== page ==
Praise is one of the most powerful things a leader can offer their team. When delivered well (and well-deserved), praise gives people the drive and motivation to continue doing the caliber of work they want to see. It’s not always easy to know when or how to praise people on your team. You only want to reward great performance, and it’s easy for routines to make you blind to steady, reliable work.
Use these 6 approaches to make sure you’re not missing any opportunities to thank and reward those on your team deserving of recognition:
1. Recognize a project hero
Did someone on your team go the extra mile on a recent project? Is there anyone that was critical to its success? Don’t let them go unnoticed.
A simple note thanking them or some personal recognition in your 1 on 1 meeting with them can make all the difference. A moment of thanks to them can be all the fuel they need to want to keep working that hard for you and the team. Try something like:
“Thanks for your hard work on the last project, Anthony. Your extra effort helped us deliver it on time and really wowed the customer. We couldn’t have made it happen without you.”
If you were working extra hard on every project and no one seemed to care, would you stick around? Probably not. Don’t do that to your team, especially for those making the biggest impact on your key projects.
2. Notice your unsung heroes
“Reliable”, “consistent”, and “trustworthy” are the kinds of characteristics most managers would look for in a potential hire. Yet, once you hire them, it’s often exactly the people exemplifying them most that you take for granted. Don’t forget your unsung heroes.
Even the most junior person on your team, the lowest paid, or the ones that do the most repetitive work, deserve and will appreciate, praise.
If you imagine everything would fall apart, or not sure what you’d do without someone, make sure you tell them thanks from time to time. You may be surprised how far a little appreciation, and perhaps a thoughtful gift, can go to continue to fuel and motivate your unsung heroes.
3. Dig into their work and find something you like
As your team grows, it becomes harder and harder to keep a close eye on the work of everyone on your team. What you see, versus all the things they actually do behind the scenes can be very different.
It’s easy to catch a problem in someone’s project: a bug, a typo, a grammatical error. Unfortunately, if you only focus on what’s wrong, you can discourage your team.
If you’re looking for ways to improve your praise to criticism ratio, take 5 minutes and dig into recent work by one of your team members. Look for more than what’s wrong. Find things you like and praise them for it.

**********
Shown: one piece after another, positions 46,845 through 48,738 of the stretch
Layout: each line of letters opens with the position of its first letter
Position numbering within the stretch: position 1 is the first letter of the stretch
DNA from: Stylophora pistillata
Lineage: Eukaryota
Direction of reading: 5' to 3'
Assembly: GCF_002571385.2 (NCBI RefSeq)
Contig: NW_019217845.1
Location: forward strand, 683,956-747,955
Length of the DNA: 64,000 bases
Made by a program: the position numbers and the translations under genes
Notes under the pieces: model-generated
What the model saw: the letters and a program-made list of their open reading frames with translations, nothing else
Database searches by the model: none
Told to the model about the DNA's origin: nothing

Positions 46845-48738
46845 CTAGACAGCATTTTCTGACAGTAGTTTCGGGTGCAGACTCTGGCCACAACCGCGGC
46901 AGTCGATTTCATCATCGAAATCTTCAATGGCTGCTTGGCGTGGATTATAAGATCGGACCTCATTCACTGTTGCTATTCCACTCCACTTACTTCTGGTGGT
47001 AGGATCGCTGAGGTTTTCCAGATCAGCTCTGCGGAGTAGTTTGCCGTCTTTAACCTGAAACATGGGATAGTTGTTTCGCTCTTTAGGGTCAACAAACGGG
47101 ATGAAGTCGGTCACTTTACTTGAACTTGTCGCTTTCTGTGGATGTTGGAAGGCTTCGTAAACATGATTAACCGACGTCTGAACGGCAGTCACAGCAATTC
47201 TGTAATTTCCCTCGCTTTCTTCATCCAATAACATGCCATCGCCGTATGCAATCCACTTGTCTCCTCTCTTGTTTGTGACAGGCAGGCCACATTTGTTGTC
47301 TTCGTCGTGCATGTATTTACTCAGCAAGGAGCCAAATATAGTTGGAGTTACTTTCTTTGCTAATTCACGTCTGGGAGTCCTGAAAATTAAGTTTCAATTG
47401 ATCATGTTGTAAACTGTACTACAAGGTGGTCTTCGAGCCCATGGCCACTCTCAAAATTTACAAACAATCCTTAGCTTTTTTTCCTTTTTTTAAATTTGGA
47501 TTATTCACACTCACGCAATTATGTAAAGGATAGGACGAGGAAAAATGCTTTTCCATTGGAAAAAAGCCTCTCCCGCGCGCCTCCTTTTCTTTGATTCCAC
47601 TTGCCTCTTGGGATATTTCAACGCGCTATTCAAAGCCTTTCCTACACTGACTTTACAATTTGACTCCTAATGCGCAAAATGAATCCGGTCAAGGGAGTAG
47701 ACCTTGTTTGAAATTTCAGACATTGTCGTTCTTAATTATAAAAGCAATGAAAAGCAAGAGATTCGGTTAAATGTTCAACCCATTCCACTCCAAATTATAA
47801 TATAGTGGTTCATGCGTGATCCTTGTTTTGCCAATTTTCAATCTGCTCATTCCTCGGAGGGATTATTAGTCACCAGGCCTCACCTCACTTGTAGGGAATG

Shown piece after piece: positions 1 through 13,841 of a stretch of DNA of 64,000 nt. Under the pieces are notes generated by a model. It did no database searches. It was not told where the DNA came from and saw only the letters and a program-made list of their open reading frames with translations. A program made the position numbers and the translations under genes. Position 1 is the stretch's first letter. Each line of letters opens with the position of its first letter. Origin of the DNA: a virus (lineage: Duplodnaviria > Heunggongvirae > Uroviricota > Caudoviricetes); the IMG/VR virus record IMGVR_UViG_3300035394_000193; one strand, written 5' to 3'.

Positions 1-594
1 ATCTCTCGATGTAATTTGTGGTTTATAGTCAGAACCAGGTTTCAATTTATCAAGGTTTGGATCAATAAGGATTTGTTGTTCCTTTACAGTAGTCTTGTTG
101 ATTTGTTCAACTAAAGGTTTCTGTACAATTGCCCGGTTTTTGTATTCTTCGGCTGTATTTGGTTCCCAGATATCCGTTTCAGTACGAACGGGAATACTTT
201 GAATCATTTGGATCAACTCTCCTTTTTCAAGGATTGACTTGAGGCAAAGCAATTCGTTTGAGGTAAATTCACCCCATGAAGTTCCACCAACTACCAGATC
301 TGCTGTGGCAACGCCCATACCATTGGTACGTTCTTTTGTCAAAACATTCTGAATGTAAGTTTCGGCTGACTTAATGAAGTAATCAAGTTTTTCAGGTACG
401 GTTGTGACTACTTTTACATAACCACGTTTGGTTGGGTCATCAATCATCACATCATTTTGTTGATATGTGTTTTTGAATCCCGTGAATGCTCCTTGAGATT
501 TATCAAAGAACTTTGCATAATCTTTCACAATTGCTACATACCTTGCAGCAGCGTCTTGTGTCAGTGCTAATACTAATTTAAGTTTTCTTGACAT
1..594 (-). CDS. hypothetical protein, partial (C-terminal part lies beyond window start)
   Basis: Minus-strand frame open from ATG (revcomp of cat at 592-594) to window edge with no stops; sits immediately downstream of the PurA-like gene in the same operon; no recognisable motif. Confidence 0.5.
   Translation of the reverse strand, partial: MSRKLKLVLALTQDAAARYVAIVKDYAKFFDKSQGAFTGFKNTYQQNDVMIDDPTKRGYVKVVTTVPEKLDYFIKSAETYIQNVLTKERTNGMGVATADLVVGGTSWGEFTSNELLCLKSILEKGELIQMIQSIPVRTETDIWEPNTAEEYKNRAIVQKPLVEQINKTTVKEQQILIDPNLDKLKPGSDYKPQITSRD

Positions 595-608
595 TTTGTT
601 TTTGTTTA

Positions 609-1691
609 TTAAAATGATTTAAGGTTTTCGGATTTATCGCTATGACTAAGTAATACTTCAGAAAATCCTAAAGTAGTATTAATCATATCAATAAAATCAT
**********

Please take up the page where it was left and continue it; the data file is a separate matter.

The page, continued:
As with all workplace praise, the more specific you can be with them, the better it will be received. If they know you’re paying attention, they’re more likely to keep putting in the effort you want to see.
4. Praise what your team loves about each other
You may be surprised to learn that one of the most effective ways to give praise doesn’t require you to think about what you’re going to say to a team member – you can let their colleagues do that for you.
Your team will often know who’s doing a great job, sometimes even better than you. And praise from your peers can feel particularly special, because you interact with them every day to complete your work.
And for anyone on your team that you don’t seem to be hearing positives from their peers, that may be a sign to investigate where you may need to coach that person and improve them.
5. Pick something to change and praise any demonstration of that change
So far, we’ve focused on your best performers. To keep them motivated and not looking for work and approval elsewhere, you need to recognize them.
But what about those that may be struggling? Praise can help them, too. When you’re trying to turn around an underperformer, or just coach up someone’s weakness, praise can make all the difference. It takes hard work and focus to improve at something you’re struggling with.
Think about when you were a kid trying to learn to ride a bike, throw a ball, or learn to read. You had to fail many times before you succeeded. And what helped you keep trying? A friend, family member, or parent, encouraged you. While we’re not kids anymore, we are still motivated by praise and recognition. If you’re trying to get someone to improve, praise them when they start doing what you ask them to.
Letting people know you’re paying attention, and feeding the seedling of better performance with praise, can help those on your team struggling to stay on the path to improvement.
6. Tie their efforts to a bigger purpose
Recognition for a job well done can go a long way towards making people feel good about their work. But, if you want to really praise like a pro, you’ll also remember another key to motivating your team: Purpose.
The benefit of having their job wasn’t enough. Only when the workers understood the good that was done with the money they raised, did it have an impact on their work. When you’re working with your team, keep in mind your higher purpose.